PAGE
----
Thursday, Infrastructure and Communities Minister Catherine McKenna announced $2.75 billion in funding to allow municipal transit systems to convert their fleets to E-buses. Actually, the switch to zero emission public transit has already begun.
E-Buses in several Canadian Cities
In Vancouver, BC, TransLink recently added 15 new battery-electric buses to its fleet, allowing for the full electrification of its route 100, a key milestone towards its longer term objectives of reducing greenhouse gas emissions by 45 per cent by 2030 and transitioning its entire fleet to renewable energy by 2050.
In Prince Edward Island, the province has committed to replacing all of its 300 school buses with electric vehicles in the coming years.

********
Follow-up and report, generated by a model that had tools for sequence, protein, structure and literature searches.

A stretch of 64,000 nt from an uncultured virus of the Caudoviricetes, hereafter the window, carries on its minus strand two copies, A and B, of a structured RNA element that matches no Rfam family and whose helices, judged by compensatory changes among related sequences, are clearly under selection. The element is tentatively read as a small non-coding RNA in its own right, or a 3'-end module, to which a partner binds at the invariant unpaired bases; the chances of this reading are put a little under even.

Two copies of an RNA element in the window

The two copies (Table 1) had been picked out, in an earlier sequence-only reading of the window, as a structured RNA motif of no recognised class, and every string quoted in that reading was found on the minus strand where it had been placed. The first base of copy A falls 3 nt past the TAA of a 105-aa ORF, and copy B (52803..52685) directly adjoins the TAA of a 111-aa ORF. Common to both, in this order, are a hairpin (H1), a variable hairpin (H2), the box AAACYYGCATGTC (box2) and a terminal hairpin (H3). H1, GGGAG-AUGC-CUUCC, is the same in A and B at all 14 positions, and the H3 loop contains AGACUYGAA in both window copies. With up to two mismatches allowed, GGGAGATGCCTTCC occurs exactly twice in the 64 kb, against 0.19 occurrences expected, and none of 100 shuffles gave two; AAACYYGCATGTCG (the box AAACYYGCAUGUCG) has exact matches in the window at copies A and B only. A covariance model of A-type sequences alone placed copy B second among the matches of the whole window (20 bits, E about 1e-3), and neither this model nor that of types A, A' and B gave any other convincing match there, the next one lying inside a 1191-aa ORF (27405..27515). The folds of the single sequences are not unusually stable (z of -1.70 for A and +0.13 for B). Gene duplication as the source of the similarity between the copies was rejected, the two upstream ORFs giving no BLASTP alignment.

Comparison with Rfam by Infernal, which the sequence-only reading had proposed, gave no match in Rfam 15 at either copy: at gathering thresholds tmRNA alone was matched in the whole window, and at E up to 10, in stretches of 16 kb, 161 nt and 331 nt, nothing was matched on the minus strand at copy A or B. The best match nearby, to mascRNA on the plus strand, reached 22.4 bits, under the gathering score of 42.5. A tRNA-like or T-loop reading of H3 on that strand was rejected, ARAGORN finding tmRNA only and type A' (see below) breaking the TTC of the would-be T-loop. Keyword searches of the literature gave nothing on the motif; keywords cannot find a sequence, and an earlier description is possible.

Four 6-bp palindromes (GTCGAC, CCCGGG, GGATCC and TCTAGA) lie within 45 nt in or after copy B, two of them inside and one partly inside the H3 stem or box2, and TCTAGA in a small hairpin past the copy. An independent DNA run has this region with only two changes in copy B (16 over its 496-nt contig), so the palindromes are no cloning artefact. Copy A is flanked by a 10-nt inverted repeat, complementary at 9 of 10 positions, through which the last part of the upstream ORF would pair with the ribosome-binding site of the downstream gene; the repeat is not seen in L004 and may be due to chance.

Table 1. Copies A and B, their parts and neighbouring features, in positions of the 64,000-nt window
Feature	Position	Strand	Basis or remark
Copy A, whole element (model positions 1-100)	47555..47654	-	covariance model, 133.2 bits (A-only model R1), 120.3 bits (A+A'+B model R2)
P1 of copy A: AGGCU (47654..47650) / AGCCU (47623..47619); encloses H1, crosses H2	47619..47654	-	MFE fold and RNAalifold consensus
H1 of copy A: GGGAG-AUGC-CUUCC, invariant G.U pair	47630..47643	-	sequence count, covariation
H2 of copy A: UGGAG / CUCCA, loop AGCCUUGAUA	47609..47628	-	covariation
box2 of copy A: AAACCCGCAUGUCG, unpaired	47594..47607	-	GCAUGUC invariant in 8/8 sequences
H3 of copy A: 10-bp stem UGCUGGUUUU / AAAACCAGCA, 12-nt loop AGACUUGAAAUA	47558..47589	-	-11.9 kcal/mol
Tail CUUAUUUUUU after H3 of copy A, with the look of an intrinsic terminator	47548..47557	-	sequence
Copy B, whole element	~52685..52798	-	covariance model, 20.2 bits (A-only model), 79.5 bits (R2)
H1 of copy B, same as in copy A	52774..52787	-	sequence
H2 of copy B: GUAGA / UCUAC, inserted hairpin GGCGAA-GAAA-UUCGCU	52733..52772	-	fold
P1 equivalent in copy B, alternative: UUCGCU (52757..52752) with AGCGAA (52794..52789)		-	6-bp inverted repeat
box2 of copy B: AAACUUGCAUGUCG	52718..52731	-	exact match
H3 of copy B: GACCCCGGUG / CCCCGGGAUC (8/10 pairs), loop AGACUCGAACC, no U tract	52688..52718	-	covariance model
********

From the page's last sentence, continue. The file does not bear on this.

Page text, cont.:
In Guelph, the municipal government has an electrification strategy that will see it replace 35 operational diesel buses with electric buses and add an additional 30 new electric buses to its fleet. The city will also build a new bus storage facility with charging stations for the buses.
London Ontario also is working on a plan to convert its entire fleet to E Buses.
E Bus manufacturing capacity
Canada already has a growing electric vehicle manufacturing sector. Nova Bus in Saint-Eustache, Lion Electrique in Saint-Jérôme, GreenPower in Vancouver and New Flyer in Winnipeg are examples of companies that have been manufacturing E buses.
The announcement prompted CHML’s Bill Kelly to discuss the possible implications of this announcement, with the push in Hamilton to get Minister McKenna to fund LRT.